U.S. Department of Energy - Energy Efficiency and Renewable Energy
Federal Energy Management Program
White House Installs Three Solar Energy Systems
April 30, 2003
Three new solar electric systems have recently been deployed on the grounds of the White House. The National Park Service (NPS), which manages the grounds and other elements of the White House complex, installed a 9-kilowatt, rooftop solar electric (photovoltaic) system, as well as a solar thermal system that provides domestic hot water for the complex's maintenance building. In addition, a solar thermal system was installed on the roof of the swimming pool cabana.
During August 2002, the White House had 167 photovoltaic panels (EC-51 watt modules) installed on the roof of the NPS grounds maintenance building on the southwest corner of the White House grounds. Three 2,500-watt Sunny Boy inverters convert the DC electricity into AC power which is fed into the White House grounds distribution system, supplementing the complex's power supply and providing electricity wherever it is needed. The American-made solar panels were manufactured by Evergreen Solar, Inc. of Marlborough, Massachusetts.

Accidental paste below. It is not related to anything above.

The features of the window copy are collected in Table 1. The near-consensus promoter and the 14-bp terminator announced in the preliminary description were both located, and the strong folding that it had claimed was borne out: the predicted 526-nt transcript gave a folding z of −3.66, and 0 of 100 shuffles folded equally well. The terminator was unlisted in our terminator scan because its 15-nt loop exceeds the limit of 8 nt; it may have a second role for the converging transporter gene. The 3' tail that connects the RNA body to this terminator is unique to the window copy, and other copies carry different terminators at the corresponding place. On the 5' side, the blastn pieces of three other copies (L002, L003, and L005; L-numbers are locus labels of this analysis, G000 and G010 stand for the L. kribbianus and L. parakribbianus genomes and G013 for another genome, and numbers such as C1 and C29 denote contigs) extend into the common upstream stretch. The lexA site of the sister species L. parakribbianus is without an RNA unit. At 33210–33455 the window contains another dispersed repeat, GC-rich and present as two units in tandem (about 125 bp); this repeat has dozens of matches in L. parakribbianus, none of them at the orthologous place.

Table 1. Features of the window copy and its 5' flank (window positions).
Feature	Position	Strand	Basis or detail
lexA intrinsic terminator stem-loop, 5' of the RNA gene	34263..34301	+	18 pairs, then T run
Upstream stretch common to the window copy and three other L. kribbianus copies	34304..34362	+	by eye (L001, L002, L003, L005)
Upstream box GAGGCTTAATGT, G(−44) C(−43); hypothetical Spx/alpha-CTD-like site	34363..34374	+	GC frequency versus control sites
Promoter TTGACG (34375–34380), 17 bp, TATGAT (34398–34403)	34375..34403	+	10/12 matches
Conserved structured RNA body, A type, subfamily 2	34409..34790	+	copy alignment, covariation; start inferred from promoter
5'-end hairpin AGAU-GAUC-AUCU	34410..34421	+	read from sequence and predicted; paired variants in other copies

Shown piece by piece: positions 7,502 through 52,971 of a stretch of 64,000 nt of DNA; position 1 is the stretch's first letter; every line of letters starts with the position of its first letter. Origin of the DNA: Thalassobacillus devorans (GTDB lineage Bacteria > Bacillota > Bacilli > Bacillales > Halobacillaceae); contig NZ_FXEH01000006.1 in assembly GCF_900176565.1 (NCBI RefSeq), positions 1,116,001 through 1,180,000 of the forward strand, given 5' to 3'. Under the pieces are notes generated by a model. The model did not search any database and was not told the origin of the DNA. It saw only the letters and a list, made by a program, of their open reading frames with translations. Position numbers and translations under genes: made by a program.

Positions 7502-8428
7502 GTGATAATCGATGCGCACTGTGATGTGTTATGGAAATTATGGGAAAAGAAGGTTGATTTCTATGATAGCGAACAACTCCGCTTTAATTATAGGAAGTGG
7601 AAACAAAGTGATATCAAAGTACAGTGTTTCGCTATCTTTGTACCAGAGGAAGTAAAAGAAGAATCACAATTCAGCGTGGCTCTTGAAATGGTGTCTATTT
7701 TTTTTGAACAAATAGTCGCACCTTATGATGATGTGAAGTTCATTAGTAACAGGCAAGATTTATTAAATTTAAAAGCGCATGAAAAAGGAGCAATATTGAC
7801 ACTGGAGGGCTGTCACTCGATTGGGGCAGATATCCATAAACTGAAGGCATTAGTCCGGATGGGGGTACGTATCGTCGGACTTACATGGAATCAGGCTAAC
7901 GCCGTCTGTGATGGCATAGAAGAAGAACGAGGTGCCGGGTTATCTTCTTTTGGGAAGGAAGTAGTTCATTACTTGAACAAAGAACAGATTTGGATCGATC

A residential-scale solar water heating system for domestic hot water was positioned on an adjoining roof section of the maintenance building. This system, comprised of a 4x8 foot-flat-plate collector, manufactured by SunEarth, Inc. of Ontario, California, was installed using a typical stand-off mount in a drain-back configuration. The third project is a five-panel, building-integrated solar hot water system on the White House cabana next to the swimming pool. This system is integrated into a lead-coated, standing seam copper roof. The inset design of the panels provides a relatively flush profile. The hot water produced by the solar-water system provides domestic hot water for the cabana, with all of the extra energy going into the outdoor pool. The absorber plates for these panels were made by SunEarth, but the rest of the system was site-manufactured to improve integration with the roof.
The NPS, which administers portions of the White House complex, worked with Solar Design Associates, a Boston-based firm, to install the systems. "We believe in these technologies, and they've been working for us very successfully," said James Doherty, the architect and project manager at the NPS Office for White House Liaison. "The National Park Service as a whole has long been interested in both sustainable design and renewable energy sources. We also have a mission to lower our energy consumption at all our sites, and we saw an opportunity to do both at the White House grounds." John Howard, the Federal Environmental Executive, said "Installing solar panels at the White House is yet another example of President Bush's personal stewardship commitment."
For more information, please contact James Doherty of NPS at email@example.com.